Seville has a vibrant culture and colourful history; although it is a big city it still maintains the charms of a small town and offers expats a slower pace of life than many other European cities. Nevertheless, as with every city, along with these positives, come the negatives. Below is an overview of the pros and cons of moving to and living in Seville.
Lifestyle and culture in Seville
Pro: Vibrant culture with many options for entertainment
Seville is everything you think about when imagining Spain: a place where the tapas culture is an everyday routine, where flamenco compás echo through alleyways at night, where bullfighters are carried out of the ring like heroes. Many argue that it's Spain's most romantic and quintessential city, and its culture, from colourful history to its celebrated Spring festivals, never disappoints.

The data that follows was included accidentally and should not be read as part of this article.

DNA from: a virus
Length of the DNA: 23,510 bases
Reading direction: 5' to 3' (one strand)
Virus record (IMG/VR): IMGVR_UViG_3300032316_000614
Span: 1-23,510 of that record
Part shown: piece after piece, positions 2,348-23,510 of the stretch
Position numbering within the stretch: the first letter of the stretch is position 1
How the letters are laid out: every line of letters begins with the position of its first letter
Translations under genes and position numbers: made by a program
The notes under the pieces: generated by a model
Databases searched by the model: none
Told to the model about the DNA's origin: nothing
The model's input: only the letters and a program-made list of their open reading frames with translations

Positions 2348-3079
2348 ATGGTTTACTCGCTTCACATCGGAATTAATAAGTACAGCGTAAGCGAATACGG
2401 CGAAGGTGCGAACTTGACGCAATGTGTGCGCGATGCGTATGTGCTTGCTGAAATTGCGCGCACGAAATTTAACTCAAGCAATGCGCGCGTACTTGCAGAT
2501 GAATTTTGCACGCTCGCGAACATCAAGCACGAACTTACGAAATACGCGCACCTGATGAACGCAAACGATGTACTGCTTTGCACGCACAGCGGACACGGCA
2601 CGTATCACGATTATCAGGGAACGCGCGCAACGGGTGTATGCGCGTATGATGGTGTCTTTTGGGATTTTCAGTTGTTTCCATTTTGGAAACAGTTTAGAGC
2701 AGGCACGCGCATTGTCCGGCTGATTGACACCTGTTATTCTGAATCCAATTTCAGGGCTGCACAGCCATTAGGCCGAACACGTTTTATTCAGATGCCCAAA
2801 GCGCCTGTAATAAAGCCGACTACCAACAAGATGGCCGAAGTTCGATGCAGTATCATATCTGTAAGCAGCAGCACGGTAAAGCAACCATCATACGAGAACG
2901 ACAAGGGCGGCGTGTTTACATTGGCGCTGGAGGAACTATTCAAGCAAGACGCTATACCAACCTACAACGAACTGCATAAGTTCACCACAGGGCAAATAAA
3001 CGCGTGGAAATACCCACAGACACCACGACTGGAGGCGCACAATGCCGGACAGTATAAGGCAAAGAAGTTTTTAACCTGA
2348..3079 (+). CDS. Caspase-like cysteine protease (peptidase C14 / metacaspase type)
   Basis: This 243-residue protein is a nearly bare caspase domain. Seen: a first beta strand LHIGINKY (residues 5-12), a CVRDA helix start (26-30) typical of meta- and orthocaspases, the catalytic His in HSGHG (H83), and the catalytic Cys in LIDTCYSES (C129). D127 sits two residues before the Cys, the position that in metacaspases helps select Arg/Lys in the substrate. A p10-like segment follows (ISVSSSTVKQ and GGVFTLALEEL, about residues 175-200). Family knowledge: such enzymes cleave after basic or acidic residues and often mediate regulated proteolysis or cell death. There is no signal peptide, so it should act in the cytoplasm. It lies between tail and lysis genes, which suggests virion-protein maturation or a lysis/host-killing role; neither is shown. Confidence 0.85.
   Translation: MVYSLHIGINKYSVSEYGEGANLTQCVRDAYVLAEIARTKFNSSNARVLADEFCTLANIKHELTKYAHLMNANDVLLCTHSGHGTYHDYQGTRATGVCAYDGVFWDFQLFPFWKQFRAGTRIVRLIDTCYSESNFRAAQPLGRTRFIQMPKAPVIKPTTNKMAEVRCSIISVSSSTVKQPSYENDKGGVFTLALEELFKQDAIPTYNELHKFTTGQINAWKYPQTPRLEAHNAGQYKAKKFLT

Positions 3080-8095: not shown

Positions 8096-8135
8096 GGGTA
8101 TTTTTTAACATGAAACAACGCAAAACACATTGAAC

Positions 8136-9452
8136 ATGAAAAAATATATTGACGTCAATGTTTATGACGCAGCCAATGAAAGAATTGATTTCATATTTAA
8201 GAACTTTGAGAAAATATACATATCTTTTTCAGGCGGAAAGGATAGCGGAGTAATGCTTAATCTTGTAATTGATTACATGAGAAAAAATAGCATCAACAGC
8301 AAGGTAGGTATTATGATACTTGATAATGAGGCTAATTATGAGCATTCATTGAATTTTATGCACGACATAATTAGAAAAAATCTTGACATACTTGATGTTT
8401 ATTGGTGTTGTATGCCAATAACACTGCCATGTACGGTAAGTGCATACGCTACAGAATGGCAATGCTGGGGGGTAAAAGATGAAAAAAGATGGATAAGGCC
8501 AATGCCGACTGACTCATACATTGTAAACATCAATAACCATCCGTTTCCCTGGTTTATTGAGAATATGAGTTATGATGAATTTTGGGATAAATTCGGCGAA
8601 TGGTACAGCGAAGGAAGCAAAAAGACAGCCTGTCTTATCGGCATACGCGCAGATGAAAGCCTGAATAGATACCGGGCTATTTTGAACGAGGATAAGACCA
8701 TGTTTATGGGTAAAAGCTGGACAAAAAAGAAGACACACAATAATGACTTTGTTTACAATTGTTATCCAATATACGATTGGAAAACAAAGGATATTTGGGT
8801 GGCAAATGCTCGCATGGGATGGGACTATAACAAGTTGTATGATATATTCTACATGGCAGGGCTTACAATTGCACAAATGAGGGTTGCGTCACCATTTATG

Pro: Small but welcoming expat enclave
While the population of Seville and its surrounding towns doesn't reach more than 1.2 million, it’s a city big enough to have all of the amenities of any other metropolis, while retaining the charm of a small town. People from all over the world have come to Seville looking for a slower pace of life in one of Europe's most temperate cities. Groups such as the American Women's Club and Couchsurfing have active communities, and there are language exchanges, flamenco and cooking courses, and arts groups all over the city. In a place as friendly as Spain, it's easy to make connections.
The old saying goes, “Sevillanos are the first to invite you to their home, but never tell you where they live”. Social circles in Seville often extend back ages, so breaking into their social scene can be difficult, causing you to run back to expat circles.